Scrabbling about for change on a Monday morning to pay for school dinners will soon be a thing of the past as all of Falkirk’s schools have introduced a new electronic payment system.
The new iPay system will allow parents to pay for everything from school meals to school trips – although those who prefer to use cash can still do so.
The system has been piloted in several schools since August but has now been rolled out across the authority – with parents paying in more than £500,000 since it was introduced.
Members of the education, children and young people committee heard that the new system will make it much easier for parents to keep track of paying for their children’s meals.
Education department’s Stuart Lennie told members that the uptake had been very successful.
“On average we’re seeing a 70 per cent reduction in the amount of cash that’s being taken to the bank,” said Mr Lennie.
Not only will it mean parents can help their children order lunches in advance, it also means they can see exactly what their children have been eating every day.
Parents will have one login for all their children, no matter if they are at different schools.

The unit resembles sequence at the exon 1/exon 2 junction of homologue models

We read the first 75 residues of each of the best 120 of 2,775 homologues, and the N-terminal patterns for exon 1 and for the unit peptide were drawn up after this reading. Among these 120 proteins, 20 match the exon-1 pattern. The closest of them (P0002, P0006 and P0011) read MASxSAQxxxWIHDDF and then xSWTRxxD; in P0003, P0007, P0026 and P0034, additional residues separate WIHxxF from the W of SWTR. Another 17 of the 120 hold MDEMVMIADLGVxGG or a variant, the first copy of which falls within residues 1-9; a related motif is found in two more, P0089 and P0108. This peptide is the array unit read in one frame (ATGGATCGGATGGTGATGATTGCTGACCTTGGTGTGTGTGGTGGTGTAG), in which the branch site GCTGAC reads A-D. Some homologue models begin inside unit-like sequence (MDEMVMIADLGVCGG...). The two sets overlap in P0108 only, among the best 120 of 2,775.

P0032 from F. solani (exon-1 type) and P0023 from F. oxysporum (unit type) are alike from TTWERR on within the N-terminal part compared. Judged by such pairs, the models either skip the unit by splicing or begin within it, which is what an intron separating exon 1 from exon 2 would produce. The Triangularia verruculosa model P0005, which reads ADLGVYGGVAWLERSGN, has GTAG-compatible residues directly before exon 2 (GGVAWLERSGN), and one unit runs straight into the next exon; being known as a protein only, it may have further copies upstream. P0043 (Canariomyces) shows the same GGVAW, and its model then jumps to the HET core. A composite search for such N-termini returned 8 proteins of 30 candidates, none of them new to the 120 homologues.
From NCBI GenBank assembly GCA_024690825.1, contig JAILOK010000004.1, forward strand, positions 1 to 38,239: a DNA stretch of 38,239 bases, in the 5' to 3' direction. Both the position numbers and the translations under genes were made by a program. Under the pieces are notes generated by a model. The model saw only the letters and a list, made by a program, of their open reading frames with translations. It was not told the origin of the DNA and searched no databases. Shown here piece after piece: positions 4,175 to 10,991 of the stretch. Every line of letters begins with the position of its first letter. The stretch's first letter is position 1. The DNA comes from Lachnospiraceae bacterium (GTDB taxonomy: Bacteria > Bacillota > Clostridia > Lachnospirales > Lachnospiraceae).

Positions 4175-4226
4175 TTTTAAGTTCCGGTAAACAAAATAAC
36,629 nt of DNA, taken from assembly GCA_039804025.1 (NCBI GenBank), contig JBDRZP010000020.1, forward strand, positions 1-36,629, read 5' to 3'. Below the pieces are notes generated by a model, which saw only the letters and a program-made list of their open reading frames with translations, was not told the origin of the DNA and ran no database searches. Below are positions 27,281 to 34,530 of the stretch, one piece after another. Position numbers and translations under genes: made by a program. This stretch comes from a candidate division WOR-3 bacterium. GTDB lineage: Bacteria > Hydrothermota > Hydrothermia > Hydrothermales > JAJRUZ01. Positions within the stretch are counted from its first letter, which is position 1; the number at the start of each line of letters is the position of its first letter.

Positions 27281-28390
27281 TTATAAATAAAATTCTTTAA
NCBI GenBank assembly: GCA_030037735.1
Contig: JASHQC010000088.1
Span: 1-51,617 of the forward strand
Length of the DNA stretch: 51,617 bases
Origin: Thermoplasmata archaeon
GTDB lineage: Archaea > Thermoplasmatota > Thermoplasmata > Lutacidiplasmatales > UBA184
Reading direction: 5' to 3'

Councillors from all parties were impressed with the new system and in particular with the fact that it will mean there is no difference in how children who get free school meals are treated.
It also means parents can choose when to pay to suit their budget, something that has often been requested by parent councils.
Asked what the staffing implications were, Gary Greenhorn, head of educational planning and resources, said: “There will be less cash handling and less frequency of trips to the bank, which is important given the number of bank closures there have been, which means it can be quite a distance to get to a bank.
“We see it as freeing staff up and allowing them to focus on the pupils. We’re at the very start of this so it’s something to be talking to teachers about.
“This is transformational and it’s putting Falkirk at the forefront of ICT development. Most importantly, it’s putting parents in control and freeing up resources in schools.”